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Acid generation

Acid producing rock, Coromandel. The grey patches are rich in pyrite, and rain water running off this outcrop has pH near 2.Acid producing rock, Coromandel. The grey patches are rich in pyrite, and rain water running off this outcrop has pH near 2.

  • Iron sulphide minerals, pyrite and marcasite (FeS2), readily decompose in oxygenated waters at the surface.
  • One of the products of this decomposition reaction is sulphuric acid.
  • This acid lowers the pH of the immediate environment, and can spread downstream (= "acid rock drainage")
  • Environmental pH <1 is possible in this situation.

Acid neutralisation

  • The acidification can be limited if the surrounding rocks contain reactive minerals, especially calcite (calcium carbonate).
  • There is sufficient calcite in schist to neutralise acid from pyrite in schist-hosted gold deposits, which almost invariably yields environmental pH between 6 and 8.
  • There is insufficient calcite in most volcanic rock related gold deposits to neutralise acid from pyrite oxidation, and acid rock drainage is common.

Metal mobility

Neutral pH water seeping from a historic gold mine, Reefton, has elevated arsenic and antimony. Arsenic and antimony are also adsorbed by the brown iron-rich precipitate.Neutral pH water seeping from a historic gold mine, Reefton, has elevated arsenic and antimony. Arsenic and antimony are also adsorbed by the brown iron-rich precipitate.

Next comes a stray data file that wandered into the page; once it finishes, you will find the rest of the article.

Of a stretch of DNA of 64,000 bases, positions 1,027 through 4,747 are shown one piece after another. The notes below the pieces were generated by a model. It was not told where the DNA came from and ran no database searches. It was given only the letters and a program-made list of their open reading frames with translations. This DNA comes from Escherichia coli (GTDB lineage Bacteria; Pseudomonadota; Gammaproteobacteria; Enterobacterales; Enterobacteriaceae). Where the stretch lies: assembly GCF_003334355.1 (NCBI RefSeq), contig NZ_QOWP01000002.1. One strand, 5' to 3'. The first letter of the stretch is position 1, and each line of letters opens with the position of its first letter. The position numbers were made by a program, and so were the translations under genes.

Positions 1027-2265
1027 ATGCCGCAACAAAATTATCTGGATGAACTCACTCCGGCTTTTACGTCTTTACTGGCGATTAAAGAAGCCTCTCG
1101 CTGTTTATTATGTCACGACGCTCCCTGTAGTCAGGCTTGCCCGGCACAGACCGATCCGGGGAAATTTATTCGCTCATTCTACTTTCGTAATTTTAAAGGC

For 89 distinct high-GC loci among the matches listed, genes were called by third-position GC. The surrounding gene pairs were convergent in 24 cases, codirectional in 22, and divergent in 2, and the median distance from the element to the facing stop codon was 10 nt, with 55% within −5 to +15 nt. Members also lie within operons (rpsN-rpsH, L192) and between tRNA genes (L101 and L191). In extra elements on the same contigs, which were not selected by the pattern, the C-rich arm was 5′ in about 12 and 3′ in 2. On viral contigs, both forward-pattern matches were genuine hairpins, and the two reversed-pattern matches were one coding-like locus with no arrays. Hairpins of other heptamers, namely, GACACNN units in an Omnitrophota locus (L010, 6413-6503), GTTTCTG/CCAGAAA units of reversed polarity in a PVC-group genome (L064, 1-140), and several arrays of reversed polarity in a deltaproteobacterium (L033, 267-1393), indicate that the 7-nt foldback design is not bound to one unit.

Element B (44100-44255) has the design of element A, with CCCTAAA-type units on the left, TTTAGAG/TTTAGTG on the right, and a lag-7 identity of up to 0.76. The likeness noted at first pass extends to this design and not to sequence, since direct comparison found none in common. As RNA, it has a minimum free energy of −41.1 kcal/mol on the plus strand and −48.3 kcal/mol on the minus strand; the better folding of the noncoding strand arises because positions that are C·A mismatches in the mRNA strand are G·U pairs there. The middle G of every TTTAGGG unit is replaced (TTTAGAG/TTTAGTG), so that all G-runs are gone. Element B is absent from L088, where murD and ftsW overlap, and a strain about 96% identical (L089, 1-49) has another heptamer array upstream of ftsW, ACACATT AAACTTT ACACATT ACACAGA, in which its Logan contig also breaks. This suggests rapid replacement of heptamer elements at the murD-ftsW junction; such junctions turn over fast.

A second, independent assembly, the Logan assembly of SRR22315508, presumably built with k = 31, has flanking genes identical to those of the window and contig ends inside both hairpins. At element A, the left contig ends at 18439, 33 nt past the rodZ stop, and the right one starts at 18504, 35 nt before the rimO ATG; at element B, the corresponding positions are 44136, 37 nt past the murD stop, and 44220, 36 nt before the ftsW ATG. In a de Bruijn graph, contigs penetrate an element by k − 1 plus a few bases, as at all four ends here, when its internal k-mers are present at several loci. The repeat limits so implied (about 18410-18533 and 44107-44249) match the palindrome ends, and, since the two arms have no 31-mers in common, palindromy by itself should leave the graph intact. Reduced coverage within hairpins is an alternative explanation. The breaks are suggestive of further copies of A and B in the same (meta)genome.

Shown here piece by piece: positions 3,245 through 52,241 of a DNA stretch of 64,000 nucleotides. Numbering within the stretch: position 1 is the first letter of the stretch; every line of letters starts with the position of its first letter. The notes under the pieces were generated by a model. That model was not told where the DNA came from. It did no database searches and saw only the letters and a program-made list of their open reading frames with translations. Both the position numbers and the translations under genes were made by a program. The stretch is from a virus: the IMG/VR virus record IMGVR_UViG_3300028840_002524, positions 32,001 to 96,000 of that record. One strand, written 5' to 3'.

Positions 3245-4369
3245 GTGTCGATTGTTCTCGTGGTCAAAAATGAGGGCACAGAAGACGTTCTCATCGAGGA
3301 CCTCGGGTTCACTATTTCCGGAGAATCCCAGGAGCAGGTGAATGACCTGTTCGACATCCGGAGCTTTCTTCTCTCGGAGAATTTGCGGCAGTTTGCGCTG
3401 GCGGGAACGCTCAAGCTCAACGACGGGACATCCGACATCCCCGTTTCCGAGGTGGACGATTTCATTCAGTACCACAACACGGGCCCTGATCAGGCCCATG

• Low pH encourages environmental mobility of cadmium, copper, lead, and zinc in streams and groundwater.
  • Very low pH (<2) facilitates mobility of aluminium, iron and manganese in streams and groundwater.
  • Arsenic and antimony are more soluble at neutral pH than at low pH.
  • Hence, volcanic-related gold deposits typically yield acid waters with elevated Cd, Cu, Pb and Zn, with some As.
  • Schist-hosted gold deposits can yield waters with very high As and Sb.